“With a solution that can assimilate messaging under a common platform, you could conduct an employee survey numerous times a year and become far more effective at managing performance increases in your organisation. If you could take an employee opinion survey twice a year, then maybe you can attack problems twice as quickly, resolve them and get the benefit. And then who knows, with the power of technology, you might decide to do one a quarter, and really have a journey towards a high-performance organisation.”
“We had to do something quite dramatically different due to the pandemic, to connect the organisation for operational reasons. And very quickly that has grown into connecting the organisation with more purpose, creating a single message internally. A lot of those channels are now in place and we’ve started to use quite a lot of innovative ways of communicating. But I think applying a level of consistency over that is going to be our challenge.”
How do we equip leadership with the right skills for communication?
“That’s less about technology and more about company culture and ensuring that everyone is educated in respect of what the business expects, what the ethos is and the fact that everybody is valued as an employee, thus breeding the right behaviour. Absolutely that has to come from the top. But how do you ensure that you’ve got the right skills at the top of the business to facilitate that? Perhaps that’s a new dimension for recruitment policies moving forward.”
“The answer is gently. That’s how we’re approaching the C-suite with these types of issues. Success can be found with simple all-hands meetings or large group meetings in a video conference; it helps accelerate their credibility in this area. They’re adopting it, using it and getting more comfortable, with less resistance. However, it takes consistency over time to get there.”
How can security be increased in modern communications?
“When we think about security we have to consider data sovereignty and where it sits. And as we move data to the cloud, we actually have more flexibility, because of the locations of all of these data centres. What we’re finding is that we’re able to ensure that data remains in the UK, and doesn’t leave. So the cloud actually helps with that and it is cost effective that way.
“The other factor is when we look at different applications, a common platform gives us better security, because we don’t have the gaps in the apps. That enables us to manage the interaction across a single platform and reduce the number of opportunities for security intrusion.”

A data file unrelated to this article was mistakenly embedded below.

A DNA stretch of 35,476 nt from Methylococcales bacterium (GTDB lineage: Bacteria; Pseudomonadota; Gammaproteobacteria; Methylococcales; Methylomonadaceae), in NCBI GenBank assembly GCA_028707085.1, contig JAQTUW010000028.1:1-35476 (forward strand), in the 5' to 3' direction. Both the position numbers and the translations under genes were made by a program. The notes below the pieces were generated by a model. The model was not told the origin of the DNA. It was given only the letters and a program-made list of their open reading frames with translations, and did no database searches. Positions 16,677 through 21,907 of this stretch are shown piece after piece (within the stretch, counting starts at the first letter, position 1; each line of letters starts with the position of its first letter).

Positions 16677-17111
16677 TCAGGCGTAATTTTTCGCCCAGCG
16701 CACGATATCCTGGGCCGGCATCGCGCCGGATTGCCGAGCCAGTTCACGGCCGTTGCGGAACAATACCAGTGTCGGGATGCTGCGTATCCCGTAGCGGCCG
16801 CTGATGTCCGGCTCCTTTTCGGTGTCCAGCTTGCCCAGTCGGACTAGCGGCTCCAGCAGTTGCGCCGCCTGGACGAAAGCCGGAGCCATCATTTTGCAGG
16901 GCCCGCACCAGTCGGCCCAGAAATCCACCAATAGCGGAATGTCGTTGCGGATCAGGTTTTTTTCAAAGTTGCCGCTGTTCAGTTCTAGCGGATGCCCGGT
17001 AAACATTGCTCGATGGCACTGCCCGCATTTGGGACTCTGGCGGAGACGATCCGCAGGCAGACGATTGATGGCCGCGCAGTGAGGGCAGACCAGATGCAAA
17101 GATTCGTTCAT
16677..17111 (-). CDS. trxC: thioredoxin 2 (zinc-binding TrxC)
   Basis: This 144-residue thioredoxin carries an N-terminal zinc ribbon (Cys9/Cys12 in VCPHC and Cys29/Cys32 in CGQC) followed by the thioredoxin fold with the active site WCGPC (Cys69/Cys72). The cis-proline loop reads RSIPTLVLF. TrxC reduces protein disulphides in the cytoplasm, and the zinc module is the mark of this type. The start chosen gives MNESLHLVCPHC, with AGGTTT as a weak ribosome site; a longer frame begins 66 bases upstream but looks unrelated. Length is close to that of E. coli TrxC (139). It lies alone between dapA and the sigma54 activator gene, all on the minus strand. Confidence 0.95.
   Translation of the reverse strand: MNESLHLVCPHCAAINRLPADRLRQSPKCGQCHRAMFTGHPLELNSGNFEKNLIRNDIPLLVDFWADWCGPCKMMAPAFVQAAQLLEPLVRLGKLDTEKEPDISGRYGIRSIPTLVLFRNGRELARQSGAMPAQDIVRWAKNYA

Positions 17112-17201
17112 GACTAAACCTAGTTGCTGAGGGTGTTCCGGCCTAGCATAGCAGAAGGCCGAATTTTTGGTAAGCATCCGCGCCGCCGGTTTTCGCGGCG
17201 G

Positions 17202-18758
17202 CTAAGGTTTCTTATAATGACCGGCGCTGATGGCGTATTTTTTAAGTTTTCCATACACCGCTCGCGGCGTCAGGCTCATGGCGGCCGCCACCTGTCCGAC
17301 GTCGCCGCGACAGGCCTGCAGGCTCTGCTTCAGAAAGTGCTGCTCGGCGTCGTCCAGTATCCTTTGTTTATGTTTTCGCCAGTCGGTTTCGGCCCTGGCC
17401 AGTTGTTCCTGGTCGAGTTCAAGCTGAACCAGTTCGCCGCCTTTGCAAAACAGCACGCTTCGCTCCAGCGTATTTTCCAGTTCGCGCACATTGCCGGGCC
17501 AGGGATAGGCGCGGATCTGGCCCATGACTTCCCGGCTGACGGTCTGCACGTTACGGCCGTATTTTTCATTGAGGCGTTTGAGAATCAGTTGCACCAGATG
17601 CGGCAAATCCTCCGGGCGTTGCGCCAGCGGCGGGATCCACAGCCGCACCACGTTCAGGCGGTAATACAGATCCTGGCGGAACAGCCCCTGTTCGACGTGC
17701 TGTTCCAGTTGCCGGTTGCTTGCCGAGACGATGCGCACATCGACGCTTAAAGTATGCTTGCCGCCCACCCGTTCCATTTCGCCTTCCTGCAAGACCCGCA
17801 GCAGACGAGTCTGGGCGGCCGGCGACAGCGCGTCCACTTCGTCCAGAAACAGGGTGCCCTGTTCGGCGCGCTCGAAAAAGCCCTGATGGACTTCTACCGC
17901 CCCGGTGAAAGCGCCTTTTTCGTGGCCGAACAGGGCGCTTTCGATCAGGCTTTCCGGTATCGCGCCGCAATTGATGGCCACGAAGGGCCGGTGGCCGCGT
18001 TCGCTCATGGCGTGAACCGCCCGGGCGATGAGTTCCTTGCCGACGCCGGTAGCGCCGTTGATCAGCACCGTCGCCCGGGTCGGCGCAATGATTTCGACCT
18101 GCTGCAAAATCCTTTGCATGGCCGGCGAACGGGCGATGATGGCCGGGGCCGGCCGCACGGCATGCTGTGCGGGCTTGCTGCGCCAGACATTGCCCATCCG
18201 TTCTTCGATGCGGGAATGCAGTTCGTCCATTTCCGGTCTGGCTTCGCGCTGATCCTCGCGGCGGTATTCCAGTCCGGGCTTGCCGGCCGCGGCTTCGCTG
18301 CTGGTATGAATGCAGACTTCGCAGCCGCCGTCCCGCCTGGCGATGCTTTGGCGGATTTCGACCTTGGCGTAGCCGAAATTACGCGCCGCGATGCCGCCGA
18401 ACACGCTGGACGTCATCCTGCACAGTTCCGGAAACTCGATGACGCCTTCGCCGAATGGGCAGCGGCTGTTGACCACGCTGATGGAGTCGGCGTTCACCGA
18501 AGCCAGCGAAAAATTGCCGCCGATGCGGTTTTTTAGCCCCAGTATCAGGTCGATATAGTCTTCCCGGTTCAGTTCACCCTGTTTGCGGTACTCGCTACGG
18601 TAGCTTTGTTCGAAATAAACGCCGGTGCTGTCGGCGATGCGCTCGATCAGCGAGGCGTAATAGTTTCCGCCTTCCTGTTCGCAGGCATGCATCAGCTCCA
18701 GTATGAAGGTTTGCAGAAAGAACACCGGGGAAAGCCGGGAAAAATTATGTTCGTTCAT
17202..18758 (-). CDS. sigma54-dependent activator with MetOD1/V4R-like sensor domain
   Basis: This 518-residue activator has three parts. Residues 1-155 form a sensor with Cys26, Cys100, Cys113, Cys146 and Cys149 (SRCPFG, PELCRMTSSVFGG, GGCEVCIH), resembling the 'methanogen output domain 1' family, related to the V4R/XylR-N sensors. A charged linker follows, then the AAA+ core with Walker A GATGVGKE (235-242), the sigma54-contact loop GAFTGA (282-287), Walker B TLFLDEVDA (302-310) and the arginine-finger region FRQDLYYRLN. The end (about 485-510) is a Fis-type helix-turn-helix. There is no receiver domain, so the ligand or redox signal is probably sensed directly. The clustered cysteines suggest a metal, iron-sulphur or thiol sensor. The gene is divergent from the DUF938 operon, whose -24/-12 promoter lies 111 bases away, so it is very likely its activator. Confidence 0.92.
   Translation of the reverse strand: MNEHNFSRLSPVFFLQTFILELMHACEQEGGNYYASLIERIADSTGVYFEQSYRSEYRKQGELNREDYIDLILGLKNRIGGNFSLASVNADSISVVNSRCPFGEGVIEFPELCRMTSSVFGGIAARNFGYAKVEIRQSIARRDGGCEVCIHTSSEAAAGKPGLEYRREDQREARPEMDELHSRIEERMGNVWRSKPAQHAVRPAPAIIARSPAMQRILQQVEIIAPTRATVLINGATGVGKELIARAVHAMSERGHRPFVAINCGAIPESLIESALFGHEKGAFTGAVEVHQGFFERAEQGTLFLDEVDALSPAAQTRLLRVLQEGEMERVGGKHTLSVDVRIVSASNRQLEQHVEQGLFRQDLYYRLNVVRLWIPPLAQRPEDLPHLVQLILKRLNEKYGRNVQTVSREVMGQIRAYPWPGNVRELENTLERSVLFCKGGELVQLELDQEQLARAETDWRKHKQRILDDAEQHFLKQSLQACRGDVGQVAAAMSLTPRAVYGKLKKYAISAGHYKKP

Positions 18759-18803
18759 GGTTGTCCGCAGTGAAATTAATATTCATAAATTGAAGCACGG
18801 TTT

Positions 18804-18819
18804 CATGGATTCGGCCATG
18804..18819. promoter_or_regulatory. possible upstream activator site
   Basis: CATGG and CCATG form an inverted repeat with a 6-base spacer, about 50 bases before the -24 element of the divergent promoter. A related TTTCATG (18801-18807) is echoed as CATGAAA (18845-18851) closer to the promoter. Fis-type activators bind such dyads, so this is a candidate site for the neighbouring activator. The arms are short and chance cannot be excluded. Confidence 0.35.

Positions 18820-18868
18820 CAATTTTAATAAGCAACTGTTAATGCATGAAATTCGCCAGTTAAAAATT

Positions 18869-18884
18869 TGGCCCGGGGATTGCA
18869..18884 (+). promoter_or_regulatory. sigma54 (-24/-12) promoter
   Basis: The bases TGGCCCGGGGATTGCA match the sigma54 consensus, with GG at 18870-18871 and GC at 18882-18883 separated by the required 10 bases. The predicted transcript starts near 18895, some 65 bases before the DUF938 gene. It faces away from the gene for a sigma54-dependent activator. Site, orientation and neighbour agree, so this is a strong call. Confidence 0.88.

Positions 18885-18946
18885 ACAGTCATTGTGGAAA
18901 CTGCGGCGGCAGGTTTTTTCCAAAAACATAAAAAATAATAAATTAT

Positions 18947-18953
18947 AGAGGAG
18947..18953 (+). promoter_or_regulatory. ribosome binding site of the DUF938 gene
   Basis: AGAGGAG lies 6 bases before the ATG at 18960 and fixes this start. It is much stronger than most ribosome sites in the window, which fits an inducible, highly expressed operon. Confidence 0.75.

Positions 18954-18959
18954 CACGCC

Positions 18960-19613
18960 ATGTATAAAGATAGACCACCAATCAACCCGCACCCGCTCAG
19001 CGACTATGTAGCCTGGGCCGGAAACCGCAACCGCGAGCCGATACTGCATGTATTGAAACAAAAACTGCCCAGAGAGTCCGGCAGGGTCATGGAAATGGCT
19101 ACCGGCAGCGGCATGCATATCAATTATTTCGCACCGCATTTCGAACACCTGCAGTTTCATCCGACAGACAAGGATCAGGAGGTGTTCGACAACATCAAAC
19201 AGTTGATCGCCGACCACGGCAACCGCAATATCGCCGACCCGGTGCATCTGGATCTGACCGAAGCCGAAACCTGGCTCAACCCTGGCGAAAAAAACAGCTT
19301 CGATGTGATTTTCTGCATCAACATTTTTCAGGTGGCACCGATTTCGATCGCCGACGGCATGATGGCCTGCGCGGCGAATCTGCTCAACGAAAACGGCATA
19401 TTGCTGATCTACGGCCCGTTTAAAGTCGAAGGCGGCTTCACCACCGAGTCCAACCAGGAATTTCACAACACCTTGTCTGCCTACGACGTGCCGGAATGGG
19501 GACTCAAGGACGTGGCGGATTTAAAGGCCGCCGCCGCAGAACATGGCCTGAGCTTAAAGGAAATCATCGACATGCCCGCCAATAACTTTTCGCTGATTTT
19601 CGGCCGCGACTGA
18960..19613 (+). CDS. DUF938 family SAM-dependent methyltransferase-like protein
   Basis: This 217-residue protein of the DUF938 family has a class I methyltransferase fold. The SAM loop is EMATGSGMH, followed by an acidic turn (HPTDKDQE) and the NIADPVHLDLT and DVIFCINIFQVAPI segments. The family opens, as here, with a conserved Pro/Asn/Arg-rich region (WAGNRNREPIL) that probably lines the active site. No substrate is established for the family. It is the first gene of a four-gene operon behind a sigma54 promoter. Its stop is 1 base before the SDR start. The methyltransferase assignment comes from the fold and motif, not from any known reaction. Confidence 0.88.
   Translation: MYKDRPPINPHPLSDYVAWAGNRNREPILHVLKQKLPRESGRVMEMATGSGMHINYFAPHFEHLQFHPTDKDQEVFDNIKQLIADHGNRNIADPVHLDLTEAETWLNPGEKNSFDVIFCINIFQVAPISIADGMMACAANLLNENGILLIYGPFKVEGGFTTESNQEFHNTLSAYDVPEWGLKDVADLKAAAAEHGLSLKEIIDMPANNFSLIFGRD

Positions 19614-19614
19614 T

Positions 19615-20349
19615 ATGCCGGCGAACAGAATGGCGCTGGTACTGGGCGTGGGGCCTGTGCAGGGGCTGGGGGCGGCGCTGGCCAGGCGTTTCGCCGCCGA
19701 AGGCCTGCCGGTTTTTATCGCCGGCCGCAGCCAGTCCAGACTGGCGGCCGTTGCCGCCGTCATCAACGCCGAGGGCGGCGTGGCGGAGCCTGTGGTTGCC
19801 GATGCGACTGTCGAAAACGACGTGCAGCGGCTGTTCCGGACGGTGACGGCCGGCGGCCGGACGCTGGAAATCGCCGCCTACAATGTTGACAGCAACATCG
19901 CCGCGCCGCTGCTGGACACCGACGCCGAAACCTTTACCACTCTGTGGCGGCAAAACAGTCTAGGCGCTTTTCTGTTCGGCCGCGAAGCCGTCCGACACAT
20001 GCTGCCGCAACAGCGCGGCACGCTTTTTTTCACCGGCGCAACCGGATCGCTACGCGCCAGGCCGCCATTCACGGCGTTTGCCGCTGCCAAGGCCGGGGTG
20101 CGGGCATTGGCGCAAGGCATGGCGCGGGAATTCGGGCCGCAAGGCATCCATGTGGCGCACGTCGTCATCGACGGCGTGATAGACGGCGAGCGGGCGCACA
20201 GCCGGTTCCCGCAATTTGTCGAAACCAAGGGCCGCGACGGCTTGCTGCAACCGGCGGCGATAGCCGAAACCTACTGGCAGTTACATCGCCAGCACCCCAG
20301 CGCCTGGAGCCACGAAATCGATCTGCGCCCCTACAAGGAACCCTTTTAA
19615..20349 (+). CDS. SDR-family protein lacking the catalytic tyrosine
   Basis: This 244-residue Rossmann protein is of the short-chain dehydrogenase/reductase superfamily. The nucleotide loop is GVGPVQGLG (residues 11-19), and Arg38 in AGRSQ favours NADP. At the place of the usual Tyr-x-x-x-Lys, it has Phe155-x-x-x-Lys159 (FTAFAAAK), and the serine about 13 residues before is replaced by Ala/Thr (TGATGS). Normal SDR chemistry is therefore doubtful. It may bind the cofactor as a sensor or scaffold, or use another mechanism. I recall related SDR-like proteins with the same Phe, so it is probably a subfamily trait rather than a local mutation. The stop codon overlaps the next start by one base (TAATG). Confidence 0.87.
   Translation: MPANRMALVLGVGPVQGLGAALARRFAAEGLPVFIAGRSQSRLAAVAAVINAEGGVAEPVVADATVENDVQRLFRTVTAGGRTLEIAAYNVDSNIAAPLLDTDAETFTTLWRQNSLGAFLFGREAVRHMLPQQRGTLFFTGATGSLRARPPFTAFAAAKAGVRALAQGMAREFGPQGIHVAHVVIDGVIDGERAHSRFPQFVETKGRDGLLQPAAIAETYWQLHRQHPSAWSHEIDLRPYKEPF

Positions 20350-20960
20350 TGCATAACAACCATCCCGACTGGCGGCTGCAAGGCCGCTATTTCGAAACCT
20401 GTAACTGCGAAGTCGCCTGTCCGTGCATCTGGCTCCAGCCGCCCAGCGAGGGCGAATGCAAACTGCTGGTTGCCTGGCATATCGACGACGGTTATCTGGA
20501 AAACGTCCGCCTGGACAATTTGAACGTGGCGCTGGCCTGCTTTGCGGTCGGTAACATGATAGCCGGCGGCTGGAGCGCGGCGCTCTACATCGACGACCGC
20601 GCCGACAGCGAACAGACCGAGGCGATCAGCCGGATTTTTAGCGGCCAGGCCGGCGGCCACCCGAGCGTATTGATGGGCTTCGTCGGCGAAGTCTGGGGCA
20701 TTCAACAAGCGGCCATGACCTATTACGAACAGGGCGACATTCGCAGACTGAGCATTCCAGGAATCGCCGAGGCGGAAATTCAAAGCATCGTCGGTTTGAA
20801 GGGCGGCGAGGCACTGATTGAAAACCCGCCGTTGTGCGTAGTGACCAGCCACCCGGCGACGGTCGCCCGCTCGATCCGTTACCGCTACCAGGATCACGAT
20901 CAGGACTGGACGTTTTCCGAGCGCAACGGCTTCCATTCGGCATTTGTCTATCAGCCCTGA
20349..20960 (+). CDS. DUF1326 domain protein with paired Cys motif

How do we engage front line workers?
“This is actually one of the hardest problems to solve in manufacturing. We of course have mobile apps, video conferencing and chat functions but we don’t have a solution as an industry to have the ability to take a deskless worker, who is disconnected from the daily communication capabilities, and ensure they adopt and buy into a communications environment. The industry hasn’t cracked this one.”
“They have a portfolio of tools to use, but that doesn’t reduce your complexity, it actually increases it, because it has to be managed. So manufacturers have the toughest problem to solve, which is the wide spectrum of employee personas that they are dealing with. And there is no silver bullet answer other than the best we can do today, which is give them all the channels that they use, and make that easy to manage. And we’ll learn from there.”
“The common theme running through this element of manufacturing is effective and joined up communication across the business is an important, strategic level topic. And, because of their complex environments, everyone is doing their own thing in respect of utilising off the shelf applications; or they’ve developed their own communication tools where they’re sharing and providing access to company information.
“That seems to be a real common theme. And that’s at the heart of some of the challenges that we’re seeing in the marketplace. There has to be a top down view around how that gets streamlined and simplified in this very complex landscape – bringing all of those communication tools into one integrated solution, underpinned by security and reliability capabilities, single point administration and management – while also providing the broad range of effective communication tools, channels and devices, that suit individual preferences.”
For more information visit 8×8.